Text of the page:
About a week ago, I launched my first-ever GoFundMe campaign.
While I would love it if you would have a look and make a contribution, this post is about the video I made for the campaign page. Because it was a bit of a disaster, at the start.
I’ve had a bit of actor’s training and have spent a little time in front of cameras in the distant past, but I am not that person anymore. My anxiety has gotten worse these past years, and my voice has gotten hoarse over the last few weeks. I’m also older than I used to be—go figure—and even before chronic illness and pain started stealing quite so much time, I wasn’t one to put a lot of effort into primping and styling.
What this means is that even though I awoke last Monday morning with genuine enthusiasm for making the campaign video, things fell apart fairly quickly.
I chose a backdrop of one of my bookcases, with lots of interesting writing craft and other titles on the shelves. I made mental notes of precisely what I wanted to say. I waited for just the right natural light in my office, and then was conscious of the passage of both time and the sun across the sky. I needed to work quickly if I wanted to keep the light consistent in the video; time was also of the essence when it came to making sure I wasn’t assaulted by curious felines while recording.
I shut my office door and hoped the wolf-dog wouldn’t start howling in the living room and that my partner wouldn’t feel the sudden need to run power tools inside the house—both happen more often than you’d think. And I had a limited window before one or more cats started scratching and wailing at the door, so I sat down and got started…
… And discovered I was suddenly camera-shy. I’ve always been an introvert and haven’t typically liked being photographed, but my anxiety spiked to alarming heights. My mouth was dry and I had an uncomfortable knot in my throat. There was a painful squeeze in my chest and I had trouble catching my breath. It’s no surprise that I had trouble remembering what I wanted to say on-camera, even with notes. Also, I discovered that I’d shut two of the cats inside the office with me, and one of them really, really wanted to leap into my lap or onto the keyboard in front of the camera. I gave myself more takes than I thought was strictly necessary and still didn’t end up with anything usable.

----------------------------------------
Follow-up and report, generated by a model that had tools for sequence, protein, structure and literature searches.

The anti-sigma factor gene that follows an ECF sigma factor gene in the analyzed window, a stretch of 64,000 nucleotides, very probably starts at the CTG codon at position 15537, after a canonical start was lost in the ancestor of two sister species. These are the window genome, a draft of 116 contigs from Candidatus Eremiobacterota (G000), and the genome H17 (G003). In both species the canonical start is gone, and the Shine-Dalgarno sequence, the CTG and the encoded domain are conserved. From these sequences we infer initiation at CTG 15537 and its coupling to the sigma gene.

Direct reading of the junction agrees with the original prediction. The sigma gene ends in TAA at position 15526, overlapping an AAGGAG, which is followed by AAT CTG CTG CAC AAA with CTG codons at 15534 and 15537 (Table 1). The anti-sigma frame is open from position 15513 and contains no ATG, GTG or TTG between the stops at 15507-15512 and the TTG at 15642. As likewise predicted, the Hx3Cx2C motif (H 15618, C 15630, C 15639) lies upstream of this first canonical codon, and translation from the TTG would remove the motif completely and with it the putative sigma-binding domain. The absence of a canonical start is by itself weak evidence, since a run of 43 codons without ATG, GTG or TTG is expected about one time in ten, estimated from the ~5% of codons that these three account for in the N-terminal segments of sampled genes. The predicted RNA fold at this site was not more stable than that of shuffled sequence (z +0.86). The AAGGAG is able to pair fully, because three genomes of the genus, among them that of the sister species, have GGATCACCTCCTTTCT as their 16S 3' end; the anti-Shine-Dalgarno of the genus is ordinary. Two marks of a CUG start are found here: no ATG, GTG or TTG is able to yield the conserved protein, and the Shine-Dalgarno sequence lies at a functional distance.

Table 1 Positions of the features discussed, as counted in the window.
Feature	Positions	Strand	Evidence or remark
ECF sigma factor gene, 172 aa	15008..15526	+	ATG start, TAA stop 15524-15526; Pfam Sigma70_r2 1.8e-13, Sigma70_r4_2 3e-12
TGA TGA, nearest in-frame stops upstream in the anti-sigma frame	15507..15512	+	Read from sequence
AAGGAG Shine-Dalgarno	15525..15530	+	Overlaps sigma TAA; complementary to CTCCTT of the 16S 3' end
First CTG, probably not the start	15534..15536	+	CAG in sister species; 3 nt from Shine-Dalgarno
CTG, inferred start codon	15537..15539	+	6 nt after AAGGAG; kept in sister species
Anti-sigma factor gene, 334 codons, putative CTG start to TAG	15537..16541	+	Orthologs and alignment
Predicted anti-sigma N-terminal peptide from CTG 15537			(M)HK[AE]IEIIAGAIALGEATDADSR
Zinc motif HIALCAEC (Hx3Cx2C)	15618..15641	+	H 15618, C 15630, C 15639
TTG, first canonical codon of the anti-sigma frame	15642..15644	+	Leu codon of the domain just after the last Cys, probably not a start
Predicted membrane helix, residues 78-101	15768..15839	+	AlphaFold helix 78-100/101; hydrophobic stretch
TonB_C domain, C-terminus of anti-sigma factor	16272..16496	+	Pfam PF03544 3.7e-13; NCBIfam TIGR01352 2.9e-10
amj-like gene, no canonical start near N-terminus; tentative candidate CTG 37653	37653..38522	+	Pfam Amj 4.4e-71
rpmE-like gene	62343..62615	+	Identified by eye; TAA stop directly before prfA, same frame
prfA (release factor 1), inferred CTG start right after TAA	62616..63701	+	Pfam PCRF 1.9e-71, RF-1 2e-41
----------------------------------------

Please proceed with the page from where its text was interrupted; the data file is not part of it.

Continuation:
When I opened up my video editor, I was astonished by what I saw. Not the wrinkles and the graying hair; those are a familiar sight in the mirror. Instead, I was struck by how little of my personality was coming across on the screen. My voice was rough and flat. I could see the pain written on my face, and it wasn’t pretty. I worried that this was really how I am presenting to the world now.
In short, it was a tense experience that yielded no constructive results.
I needed to try again, and I had to figure out what to do differently. I asked my friend, Laurel Standley, to interview me on-camera. I figured that recording myself talking to a trusted friend would help me appear (and feel) more relaxed and would allow for some glimmer of my actual personality to come through. Thank goodness that worked.
Laurel was kind and patient as we sat outside the coffee shop where we normally meet to (try to) be awesomely productive on Tuesday mornings. I still wasn’t feeling great—I’d had a panic attack the night before and that morning had headache pain on top of other typical symptoms—but I looked a heck of a lot better than the day before. We laughed when we had to start again because cars drove by or when patrons stumbled onto our video shoot through the coffee shop’s side door. We got the entire thing done in a matter of minutes, and the results were decent enough that editing was quick and easy.
Vimeo managed to grab a still frame that makes me look like I have a palsy, and I’ve not yet invested any time in figuring out how to change that. It’s a low priority compared to everything else on my plate right now. But putting together the rest of the campaign—the intro text, rewards for contributors, and the like—was a breeze compared to that first video effort.
I will post again about this campaign to tell you about why I’m raising funds and how genuinely grateful I am to the people who have contributed. For now, though, I wanted to issue this public service announcement: Sometimes it’s hard; it’s okay to fail and to try again, and to ask a friend for help. That’s why I turned to crowdfunding to begin with—because there are some big and important things that I really cannot do alone.